Further to the right side of the form, there are fields four, six, and eight.  Fields six and eight represent more types of payments that may have been made to the recipient:  medical and health care payments, and substitute payments in lieu of dividends or interest.  Field four, meanwhile, indicate not payments, but rather any federal income tax withheld from the recipient.  Finally, toward the bottom right-hand corner are fields sixteen through eighteen, known as "state information."  These fields are only provided for the payer's convenience, and they do not need to be filled by the payer.

That's really all there is to it:  eighteen fields, many of which don't need to be filled by the majority of payers.  Payers who familiarize themselves with these fields will soon discover that the 1099-misc isn't so complicated after all.

Instructions for Filing a 1099-MISC Form

If you are an employer, there is a distinct possibility that you may be required by the U.S. Internal Revenue Service to file a form known as 1099-MISC.  This tax form is not to be confused with a W-2 form , which is used by employers to report an employee's annual wages as well as the whatever taxes were withheld from that employee's paycheck.  In contrast, this form is to be filed by any employer who has paid more than $600 of miscellaneous income to an independent contractor or attorney.  It would also need to be filed by an employer who has issued more than $10 in royalty payments to any recipient.  A copy of the form would be sent to the IRS, and another copy would be forwarded to the recipient of the funds.  In addition, it is expected that the payer would retain a copy of the form for his or her own records. 

Payers who are required to file a 1099-MISC will need to know, for starters, where to get this form.  Acquiring a fillable 1099 form is not difficult if you know where to look.  A fillable 1099 form will be sent to you if you call 1-800-TAX-FORM and request it.  To find the form online, log on to the Internet and navigate the website of the IRS, which is located at www.irs.gov.  That website has a search box, which will make it easier to find the form online.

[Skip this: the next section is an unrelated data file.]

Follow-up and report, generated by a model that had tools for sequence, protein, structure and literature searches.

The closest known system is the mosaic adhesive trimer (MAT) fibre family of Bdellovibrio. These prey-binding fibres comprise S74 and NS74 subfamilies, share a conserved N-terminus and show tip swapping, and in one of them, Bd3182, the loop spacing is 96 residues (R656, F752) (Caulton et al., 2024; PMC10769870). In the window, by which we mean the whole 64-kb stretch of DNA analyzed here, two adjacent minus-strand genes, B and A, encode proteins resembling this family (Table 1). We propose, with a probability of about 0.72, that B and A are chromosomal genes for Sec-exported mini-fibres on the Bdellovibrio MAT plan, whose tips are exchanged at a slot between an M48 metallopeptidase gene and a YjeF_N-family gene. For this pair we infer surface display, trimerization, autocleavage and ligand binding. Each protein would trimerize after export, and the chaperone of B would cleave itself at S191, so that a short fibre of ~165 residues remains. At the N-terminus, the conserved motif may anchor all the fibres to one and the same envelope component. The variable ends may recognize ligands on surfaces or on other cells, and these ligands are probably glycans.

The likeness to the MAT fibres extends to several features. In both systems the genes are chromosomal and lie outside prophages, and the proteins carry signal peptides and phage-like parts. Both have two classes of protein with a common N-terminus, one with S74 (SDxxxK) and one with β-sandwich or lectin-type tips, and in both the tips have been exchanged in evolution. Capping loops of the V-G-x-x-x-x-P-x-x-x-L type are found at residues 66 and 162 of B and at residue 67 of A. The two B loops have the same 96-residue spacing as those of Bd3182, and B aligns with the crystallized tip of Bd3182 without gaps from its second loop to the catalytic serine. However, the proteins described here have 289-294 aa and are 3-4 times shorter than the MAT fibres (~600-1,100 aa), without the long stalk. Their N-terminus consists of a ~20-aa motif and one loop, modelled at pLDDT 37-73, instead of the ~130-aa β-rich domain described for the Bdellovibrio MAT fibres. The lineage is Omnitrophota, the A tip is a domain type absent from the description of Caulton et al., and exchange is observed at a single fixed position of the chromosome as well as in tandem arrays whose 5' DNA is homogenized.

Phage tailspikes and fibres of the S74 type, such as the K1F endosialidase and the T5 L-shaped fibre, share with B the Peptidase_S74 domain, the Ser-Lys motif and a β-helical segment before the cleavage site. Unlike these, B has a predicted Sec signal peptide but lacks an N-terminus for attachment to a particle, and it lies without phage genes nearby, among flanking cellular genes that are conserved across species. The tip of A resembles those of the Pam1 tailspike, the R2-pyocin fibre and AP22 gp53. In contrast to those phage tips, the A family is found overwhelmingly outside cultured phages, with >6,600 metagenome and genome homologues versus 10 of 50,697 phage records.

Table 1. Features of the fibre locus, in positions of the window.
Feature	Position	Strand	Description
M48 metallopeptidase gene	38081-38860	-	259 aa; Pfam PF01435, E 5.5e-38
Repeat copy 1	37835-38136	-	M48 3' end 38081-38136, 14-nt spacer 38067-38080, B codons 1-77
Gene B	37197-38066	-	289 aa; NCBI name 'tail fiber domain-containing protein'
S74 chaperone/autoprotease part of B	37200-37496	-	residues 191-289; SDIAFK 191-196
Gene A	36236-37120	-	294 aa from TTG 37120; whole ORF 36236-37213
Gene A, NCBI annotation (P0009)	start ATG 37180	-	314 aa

Completing and filing this tax form are easier than you might think.  In fact, you may discover that many of the fields (or fillable boxes) on the form won't even need to be filled.  Fields 11 and 12 are perfect examples of this, as they are completely shaded in and therefore can be ignored.  Furthermore, fields 15a, 16, 17, and 18 are entirely optional and hence do not need to be completed.  Then there are fields which will only need to be completed by a relatively small, highly specialized segment of the employer population; examples would include fields 5 (fishing boat proceeds), 10 (crop insurance proceeds), 13 (excess golden parachute payments), and 15b (Section 409A income).  However, all employers who are required to file this form will need to complete the fields on the left side of the 1099 form, which indicate both the employer's contact information and federal identification number as well as those of the recipient .  The applicable fields indicating nonemployee compensation, royalties, rents, and other income should also be completed by the payer.

As alluded to earlier, if you are the payer then you will need to fill out multiple copies of the 1099-MISC form.  Copy A must be sent to the IRS, and you may also need to send Copy 1 to your state's tax department.  Copy B will need to be sent to the payee or recipient, and Copy 2 is to be filed with the recipient's state income tax return if required.  Finally there is Copy C, which is for you, the payer, to retain for your own records.

Filing due dates will vary each tax year, but if you make sure to file all copies of the form by the end of January, then you (the payer) will likely be in compliance.  The specific mailing address to send Copy A to the IRS may differ according to the payer's location, so it is advisable to refer to the "Instructions for form 1099-MISC," which is available via www.irs.gov.  It may be more convenient for you to file electronically, but in order to do that, you must have certain software that can generate a file according to the specifications found in Pub. 1220, Specifications for Electronic Filing of Forms 1097, 1098, 1099, 3921, 3922, 5498, 8935, and W-2G.

No matter how you choose to file it, it should not be extremely difficult or burdensome to file a form 1099-MISC.  The important thing is to file it in a timely manner and make sure that both the payee and the IRS receive their copies.  For further assistance with this, you can call the designated IRS information reporting customer service site toll-free at 1-866-455-7438.